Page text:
Intrinsically connected to the nation because it enhances ‘national’ life by providing a space for shared civil discourse. [T]heater is deeply implicated in constructing the nation through the imaginative realm and provides a site where the nation can be put under the microscope. [T]heater often deploys its content, formal properties and aesthetic pleasure to generate a creative dialogue with tensions in the national fabric. [In democratic societies the] raison d’être of most state-of-thenation plays is to explicitly critique the nation [and] to destabilize the homogenous national image, [opening up] a creative space for exploring the paradoxes, ambiguities and complexities around issues of tradition, identity, authenticity and belonging associated with the nation.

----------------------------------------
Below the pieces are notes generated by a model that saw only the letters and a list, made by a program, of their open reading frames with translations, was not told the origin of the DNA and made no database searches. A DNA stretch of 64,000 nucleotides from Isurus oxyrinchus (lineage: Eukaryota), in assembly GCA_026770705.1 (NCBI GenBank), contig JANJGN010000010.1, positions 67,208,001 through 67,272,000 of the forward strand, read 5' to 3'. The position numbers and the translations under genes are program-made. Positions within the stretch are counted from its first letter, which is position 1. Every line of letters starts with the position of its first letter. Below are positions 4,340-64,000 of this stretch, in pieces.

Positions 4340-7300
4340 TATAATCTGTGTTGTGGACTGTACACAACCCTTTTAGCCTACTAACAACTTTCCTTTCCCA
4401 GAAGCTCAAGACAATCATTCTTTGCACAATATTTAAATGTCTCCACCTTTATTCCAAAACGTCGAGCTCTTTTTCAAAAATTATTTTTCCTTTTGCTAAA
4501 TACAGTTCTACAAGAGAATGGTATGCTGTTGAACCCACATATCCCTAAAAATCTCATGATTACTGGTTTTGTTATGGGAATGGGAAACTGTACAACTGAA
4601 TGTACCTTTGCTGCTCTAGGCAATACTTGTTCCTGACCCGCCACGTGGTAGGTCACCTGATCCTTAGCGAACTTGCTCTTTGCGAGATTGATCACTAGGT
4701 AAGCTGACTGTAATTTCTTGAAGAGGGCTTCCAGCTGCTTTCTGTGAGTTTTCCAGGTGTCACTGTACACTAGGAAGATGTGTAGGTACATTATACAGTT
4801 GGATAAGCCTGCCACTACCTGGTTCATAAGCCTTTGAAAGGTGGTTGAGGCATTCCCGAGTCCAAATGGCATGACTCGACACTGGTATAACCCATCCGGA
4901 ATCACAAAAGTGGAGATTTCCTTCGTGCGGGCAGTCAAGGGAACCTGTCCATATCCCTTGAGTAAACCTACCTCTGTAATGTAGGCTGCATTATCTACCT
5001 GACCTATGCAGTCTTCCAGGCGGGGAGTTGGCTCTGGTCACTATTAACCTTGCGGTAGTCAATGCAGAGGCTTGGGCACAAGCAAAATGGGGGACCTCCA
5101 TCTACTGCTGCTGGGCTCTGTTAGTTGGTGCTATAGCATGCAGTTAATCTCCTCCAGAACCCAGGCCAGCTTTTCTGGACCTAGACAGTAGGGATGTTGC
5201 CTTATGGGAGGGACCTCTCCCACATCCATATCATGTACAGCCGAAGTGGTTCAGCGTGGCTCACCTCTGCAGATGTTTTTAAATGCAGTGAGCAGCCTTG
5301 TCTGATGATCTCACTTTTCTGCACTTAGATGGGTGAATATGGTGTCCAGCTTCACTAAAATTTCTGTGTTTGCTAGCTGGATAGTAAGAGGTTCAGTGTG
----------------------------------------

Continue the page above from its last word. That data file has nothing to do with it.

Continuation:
This symbiotic arrangement of money for services rendered between theatre and the nation-state has its origins in the oligarchical roots of artistic patronage, with theatre’s institutional role, at its origins, being foremost an extension and expression of the royal voice and power. Founded and financed by Louis XIV in 1680, the Comédie-Française, for example, was initially meant to be part of the French roi machine, charged with negotiating and communicating the King’s moral and aesthetic outlook (as the King’s swift censorship of Molière’s Tartuffe aptly illustrates). Before the Comédie, playwrights served the King via Cardinal Richelieu, whose moral and aesthetic vision they were hired to realize and promote (which in 1637-38 led to the famed quarrel over Corneille’s structurally blasphemous Le Cid). Eventually, the stage of the Comédie became a public forum where the issues of national identity, language, and cultural self-perception would often intertwine and be decided by its choice of season. From the political split over Joseph Chénier’s 1789 anti-monarchical play Charles IX to the riots over Victor Hugo’s Romantic, anti-classical form of Hermani, the Comédie became a performative space of France’s national identity as deconstructed, performed and defined by its drama. Today, supported by its government, Comédie has learned to engage in a nuanced dance between the conservative project of preserving the established national self-image and the progressive project of questioning its current and future assumptions; preserving and promulgating the sense of national pride while subversively entertaining progressive ideas (as Comédie’s current mix of – predominantly – classic and – less prominent – experimental productions show).